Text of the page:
The prospects for agreement on a special session agenda were quickly fading ahead of Gov. Mark Dayton’s Thursday evening deadline for a deal.
Dayton wanted an agenda set by the end of the day so he could call legislators back to St. Paul on Dec. 20. The DFL governor’s latest proposal was for lawmakers to pass financial relief for Minnesotans facing big health insurance premium increases. He also wants action on the tax bill and bonding bill.
But two of the top legislative leaders involved in the months-long negotiations came out with separate statements criticizing the lack of progress and laying the blame elsewhere.
Senate DFL leader Tom Bakk accused House Republicans of “inaction” and “partisan bickering” over the proposed special session.
“After months of negotiating and good-faith meetings with Gov. Dayton and House Republicans it has become clear to me and my DFL colleagues that House Republicans do not want a special session and are willing to leave thousands of Minnesotans in serious need of premium relief, to suffer drastically high premiums,” Bakk said.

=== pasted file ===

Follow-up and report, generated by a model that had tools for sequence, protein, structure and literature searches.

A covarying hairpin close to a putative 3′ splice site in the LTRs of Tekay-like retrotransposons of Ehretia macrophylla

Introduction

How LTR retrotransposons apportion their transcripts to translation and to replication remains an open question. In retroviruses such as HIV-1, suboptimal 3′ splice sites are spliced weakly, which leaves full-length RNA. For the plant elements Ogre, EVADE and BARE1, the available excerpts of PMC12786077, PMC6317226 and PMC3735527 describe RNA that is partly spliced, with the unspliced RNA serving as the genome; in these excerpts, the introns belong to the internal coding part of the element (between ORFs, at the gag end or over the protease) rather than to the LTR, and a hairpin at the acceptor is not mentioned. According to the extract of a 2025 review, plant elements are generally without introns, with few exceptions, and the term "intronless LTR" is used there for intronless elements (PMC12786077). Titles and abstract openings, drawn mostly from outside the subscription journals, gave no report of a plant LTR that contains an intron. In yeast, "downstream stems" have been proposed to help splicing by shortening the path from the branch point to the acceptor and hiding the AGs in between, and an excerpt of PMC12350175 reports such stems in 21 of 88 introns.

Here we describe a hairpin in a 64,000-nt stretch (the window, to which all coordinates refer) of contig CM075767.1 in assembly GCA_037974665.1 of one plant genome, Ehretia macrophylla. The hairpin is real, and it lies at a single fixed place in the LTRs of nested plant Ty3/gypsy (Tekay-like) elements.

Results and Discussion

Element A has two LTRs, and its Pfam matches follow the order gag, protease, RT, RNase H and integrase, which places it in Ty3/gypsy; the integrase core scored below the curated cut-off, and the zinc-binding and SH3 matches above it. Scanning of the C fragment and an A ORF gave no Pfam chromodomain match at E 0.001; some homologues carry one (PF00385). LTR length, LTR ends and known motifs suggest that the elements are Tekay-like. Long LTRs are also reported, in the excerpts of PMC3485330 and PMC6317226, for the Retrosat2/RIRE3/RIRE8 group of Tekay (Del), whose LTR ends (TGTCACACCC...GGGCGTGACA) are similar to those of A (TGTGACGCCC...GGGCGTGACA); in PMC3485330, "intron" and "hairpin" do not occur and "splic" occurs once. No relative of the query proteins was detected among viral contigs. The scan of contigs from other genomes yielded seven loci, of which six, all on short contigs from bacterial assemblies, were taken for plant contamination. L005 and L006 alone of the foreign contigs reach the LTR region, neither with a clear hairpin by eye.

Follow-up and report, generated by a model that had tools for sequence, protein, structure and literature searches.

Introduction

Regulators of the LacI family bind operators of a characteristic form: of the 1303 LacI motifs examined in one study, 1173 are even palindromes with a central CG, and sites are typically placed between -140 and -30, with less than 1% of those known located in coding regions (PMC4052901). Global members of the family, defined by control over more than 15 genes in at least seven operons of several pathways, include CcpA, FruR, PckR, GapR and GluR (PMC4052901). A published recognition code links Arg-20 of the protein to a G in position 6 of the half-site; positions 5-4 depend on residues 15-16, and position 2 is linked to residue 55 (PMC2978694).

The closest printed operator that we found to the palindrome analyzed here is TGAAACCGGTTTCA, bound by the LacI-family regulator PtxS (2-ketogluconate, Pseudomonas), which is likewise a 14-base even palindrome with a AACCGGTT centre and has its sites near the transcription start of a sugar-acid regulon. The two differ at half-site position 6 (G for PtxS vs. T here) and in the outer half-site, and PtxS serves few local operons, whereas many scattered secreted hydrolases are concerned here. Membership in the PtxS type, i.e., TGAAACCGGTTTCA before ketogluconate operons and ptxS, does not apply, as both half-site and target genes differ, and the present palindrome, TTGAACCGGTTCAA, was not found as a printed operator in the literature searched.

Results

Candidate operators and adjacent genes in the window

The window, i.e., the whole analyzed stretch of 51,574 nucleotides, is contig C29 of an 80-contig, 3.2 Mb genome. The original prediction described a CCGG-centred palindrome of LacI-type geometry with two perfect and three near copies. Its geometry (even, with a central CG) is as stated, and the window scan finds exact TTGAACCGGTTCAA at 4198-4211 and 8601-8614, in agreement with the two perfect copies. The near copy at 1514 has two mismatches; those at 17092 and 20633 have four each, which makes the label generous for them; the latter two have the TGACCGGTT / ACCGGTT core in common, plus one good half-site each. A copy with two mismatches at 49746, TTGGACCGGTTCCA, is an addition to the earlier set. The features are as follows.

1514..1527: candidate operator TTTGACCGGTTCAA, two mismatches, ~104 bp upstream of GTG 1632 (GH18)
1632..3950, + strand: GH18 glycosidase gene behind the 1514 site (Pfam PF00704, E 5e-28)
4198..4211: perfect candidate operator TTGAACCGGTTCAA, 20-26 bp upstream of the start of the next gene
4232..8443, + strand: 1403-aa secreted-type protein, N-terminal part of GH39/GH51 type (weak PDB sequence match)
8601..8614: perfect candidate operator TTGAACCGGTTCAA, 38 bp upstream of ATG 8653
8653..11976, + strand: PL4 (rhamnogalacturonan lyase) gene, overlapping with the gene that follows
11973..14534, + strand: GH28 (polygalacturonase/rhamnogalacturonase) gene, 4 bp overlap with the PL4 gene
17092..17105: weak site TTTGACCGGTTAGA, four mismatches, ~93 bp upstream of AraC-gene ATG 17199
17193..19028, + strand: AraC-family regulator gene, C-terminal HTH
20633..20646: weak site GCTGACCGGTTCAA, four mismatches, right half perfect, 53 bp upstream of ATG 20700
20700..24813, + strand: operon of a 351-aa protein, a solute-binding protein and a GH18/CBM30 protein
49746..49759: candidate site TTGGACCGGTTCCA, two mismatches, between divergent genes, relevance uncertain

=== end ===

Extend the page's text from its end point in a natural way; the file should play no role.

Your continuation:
GOP House Speaker Kurt Daudt is blaming the governor for “undoing months of work” by recently making “new additions” to the bonding bill and “drastic changes” to the tax bill. He detailed his concerns in a letter to Dayton.
“While I remain hopeful all sides can come to an agreement, your recent letter was a setback to a solution all sides can accept,” Daudt wrote. “If you are seriously committed to a special session, I request that you back away from these new demands.”
Daudt and Bakk and are both currently attending a national legislative conference in the Virgin Islands. Bakk said he and Daudt have spoken about the special session several times during the conference.
The 2017 regular session begins Jan. 3, with Republicans taking control of the Senate. Bakk will move from Senate majority leader to minority leader.